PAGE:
- With the Amazon dropshipping model, your business is the forward-facing party customers see.
- Meanwhile, a third party handles the physical logistics.
- You make money by setting a higher price for customers than the price you got from your supplier.
Amazon defines dropshipping as “a fulfillment model that allows entrepreneurs to outsource handling and shipping products to a third party.”
Let’s walk through an imagined example of the process. Say you set up a website that sells handbags, but you aren’t planning on actually keeping pallets laden with bags in your garage or bedroom. Instead, your online store — an Amazon business page, in this case — is where customers browse and place orders.
Once an order for a handbag is placed, you send along the order information and payment to the dropshipper, and that entity (an approved dropshipper, not Amazon itself) handles the fulfillment. Fulfillment is the process of getting the bag out of inventory, packaging it, and physically shipping it off to the customer.
With dropshipping, your business is the forward-facing party that customers see, while a third party handles the physical logistics.
How do you make money by dropshipping?
You profit from dropshipping by setting a higher price for products than the price you negotiate for those goods with your supplier. On your Amazon storefront page, you might charge $25 for a handbag you can buy from your supplier for $15. The margins are yours to set; you know what you’ll have to pay for goods on the backend and can figure out how much customers are willing to spend.
Is dropshipping still allowed on Amazon?
Yes, dropshipping with Amazon is allowed and legal, but there are a lot of rules you need to follow. For example, you must make it clear on all customer-facing materials that you are the seller of record, so any shipping labels, packing slips, and receipts must list your business, not Amazon or the dropshipping partner.
And you are responsible for all aspects of customer service: Amazon’s mighty presence and powerful algorithms can help deliver people to your online storefront, but it’s on you to generate copy, note sales and forward orders along to your shipper, and handle any issues with delivery, product quality, and customer complaints. Amazon is just the conduit, and your dropshipper is just, well, the shipper — the rest is on you.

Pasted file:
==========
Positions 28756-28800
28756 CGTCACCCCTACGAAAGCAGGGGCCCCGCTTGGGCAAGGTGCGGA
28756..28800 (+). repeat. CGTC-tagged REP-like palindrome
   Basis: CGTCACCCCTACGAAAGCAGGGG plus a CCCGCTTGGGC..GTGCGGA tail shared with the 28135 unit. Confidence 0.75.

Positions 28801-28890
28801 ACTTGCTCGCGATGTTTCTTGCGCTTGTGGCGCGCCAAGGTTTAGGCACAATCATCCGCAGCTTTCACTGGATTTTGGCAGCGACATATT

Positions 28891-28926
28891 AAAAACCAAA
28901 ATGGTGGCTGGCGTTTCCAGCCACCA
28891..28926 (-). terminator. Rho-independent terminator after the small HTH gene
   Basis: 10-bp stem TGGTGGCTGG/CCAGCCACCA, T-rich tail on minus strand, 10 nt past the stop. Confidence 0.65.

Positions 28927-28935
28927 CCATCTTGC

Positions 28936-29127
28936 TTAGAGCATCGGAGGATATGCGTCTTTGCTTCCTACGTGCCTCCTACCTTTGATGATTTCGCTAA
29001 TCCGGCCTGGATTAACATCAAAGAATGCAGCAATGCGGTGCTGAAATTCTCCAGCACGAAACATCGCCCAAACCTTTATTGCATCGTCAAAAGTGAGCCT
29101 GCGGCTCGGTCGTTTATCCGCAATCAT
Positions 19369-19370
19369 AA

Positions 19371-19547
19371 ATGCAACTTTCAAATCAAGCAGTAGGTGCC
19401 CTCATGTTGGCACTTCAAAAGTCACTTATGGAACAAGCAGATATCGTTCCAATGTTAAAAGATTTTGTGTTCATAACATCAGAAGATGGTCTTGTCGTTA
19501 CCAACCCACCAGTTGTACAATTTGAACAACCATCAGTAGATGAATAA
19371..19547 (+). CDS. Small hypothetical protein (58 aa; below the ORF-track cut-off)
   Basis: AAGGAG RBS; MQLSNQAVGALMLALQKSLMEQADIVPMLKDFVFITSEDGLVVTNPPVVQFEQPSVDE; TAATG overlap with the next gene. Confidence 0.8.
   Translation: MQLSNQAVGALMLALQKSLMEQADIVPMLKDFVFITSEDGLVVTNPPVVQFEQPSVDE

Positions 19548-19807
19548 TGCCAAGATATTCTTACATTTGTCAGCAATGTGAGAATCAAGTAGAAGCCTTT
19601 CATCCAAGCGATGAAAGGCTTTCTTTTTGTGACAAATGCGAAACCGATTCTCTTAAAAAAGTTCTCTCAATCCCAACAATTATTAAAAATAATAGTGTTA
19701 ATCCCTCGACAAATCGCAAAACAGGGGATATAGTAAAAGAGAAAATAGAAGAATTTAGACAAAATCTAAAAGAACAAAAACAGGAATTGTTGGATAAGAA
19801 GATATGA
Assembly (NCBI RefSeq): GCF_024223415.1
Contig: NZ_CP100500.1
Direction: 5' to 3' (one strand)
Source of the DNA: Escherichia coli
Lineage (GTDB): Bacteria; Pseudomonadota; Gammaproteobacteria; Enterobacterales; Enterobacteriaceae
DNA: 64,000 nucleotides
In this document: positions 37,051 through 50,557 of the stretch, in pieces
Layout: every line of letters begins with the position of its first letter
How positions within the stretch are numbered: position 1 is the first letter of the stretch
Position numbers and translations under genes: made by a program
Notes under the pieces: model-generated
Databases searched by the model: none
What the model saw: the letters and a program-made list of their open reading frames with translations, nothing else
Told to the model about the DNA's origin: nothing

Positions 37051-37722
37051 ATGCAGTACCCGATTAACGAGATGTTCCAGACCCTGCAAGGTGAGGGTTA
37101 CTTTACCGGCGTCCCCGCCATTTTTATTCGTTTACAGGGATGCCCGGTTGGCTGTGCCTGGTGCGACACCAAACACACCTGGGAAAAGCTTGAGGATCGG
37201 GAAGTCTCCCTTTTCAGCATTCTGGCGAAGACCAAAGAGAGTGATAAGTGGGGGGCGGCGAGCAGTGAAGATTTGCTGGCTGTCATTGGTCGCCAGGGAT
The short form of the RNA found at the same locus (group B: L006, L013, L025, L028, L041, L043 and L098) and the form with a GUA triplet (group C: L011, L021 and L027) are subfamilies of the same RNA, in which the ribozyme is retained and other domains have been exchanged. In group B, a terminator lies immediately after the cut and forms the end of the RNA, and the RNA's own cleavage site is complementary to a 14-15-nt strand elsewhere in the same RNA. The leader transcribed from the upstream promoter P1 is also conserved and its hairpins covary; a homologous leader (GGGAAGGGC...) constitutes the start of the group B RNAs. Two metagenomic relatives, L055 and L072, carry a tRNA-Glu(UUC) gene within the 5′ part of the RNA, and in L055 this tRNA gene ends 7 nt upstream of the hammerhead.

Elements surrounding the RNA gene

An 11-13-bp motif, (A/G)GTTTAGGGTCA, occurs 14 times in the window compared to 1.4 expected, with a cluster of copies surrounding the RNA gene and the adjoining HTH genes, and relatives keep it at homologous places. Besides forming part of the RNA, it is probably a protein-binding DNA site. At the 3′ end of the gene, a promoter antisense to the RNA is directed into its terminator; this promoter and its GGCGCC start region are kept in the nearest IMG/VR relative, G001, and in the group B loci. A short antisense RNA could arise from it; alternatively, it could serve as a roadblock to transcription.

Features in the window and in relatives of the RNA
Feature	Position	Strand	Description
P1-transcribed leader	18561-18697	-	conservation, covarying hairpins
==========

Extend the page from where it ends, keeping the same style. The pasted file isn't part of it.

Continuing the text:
How much does it cost to start dropshipping at Amazon?
Many Amazon-approved dropship suppliers charge onboarding fees; some have annual membership costs. And some charge a small fee for every sale, so the costs vary widely. Some dropshippers cost nearly $300 to sign up with, and some are free. On the other hand, you will need an Amazon Seller account to dropship with Amazon, and those either cost $39.99 per month for the Professional Plan or 99 cents per item sold for the Individual Plan. You can upgrade (or downgrade) later, of course.
How to dropship on Amazon without money
One of the best things about dropshipping with Amazon is that you can start doing it with little overhead. The cost of the seller account with Amazon may be your only initial expense if you find a dropshipping partner that does not charge a fee. If you plan to grow your Amazon business into a sizeable enterprise, you may want to incorporate as an LLC to shield yourself from legal issues.
What dropshipping suppliers work with Amazon?
Remember, Amazon itself is not the dropshipper. There is a different model, the Amazon Affiliate model, wherein your links on a website or social media platform send customers right to Amazon, and you get a cut of subsequent sales. Here, Amazon connects you to customers and then steps back. When you get an order paid for, you buy the item from your supplier and have them ship it to your customer.
The best Amazon dropshipping suppliers right now include Wholesale2B, Inventory Source, Banggood, and CJ Dropshipping, to name just a few — a quick search easily turns up many more.
Do Amazon dropshippers make money?
You can indeed make money dropshipping via Amazon, and in some cases, you can make many thousands of dollars every month. But take note: the average profit margin for dropshippers is 15%. At the lower end, you might make eight percent, and at the highest, 30%, according to BeProfit, but let’s look at that 15%. At that rate, if your handbags sell for $25, after all your expenses, you’d make $3.75 for each sale. That means you’d need to sell 267 bags before you’d break the $1,000 threshold in profits. It’s doable, but it can be a slog.
Do I have to buy inventory for Amazon dropshipping?
The best thing about dropshipping is arguably the limited startup cost and minimal ongoing investment of capital needed, but a close second is the fact that, in most cases, you don’t need to pre-buy any inventory. There are business models like Fulfillment by Amazon where you do pre-buy inventory and have it stored at the ready in Amazon warehouses, but in the classic dropshipping model, you do not need to have the product pre-purchased.
As an Amazon seller, you just need to be ready to reach out to your supplier on the double once those orders come in because people have very little patience for long shipping times these days — and we have Amazon to thank for that.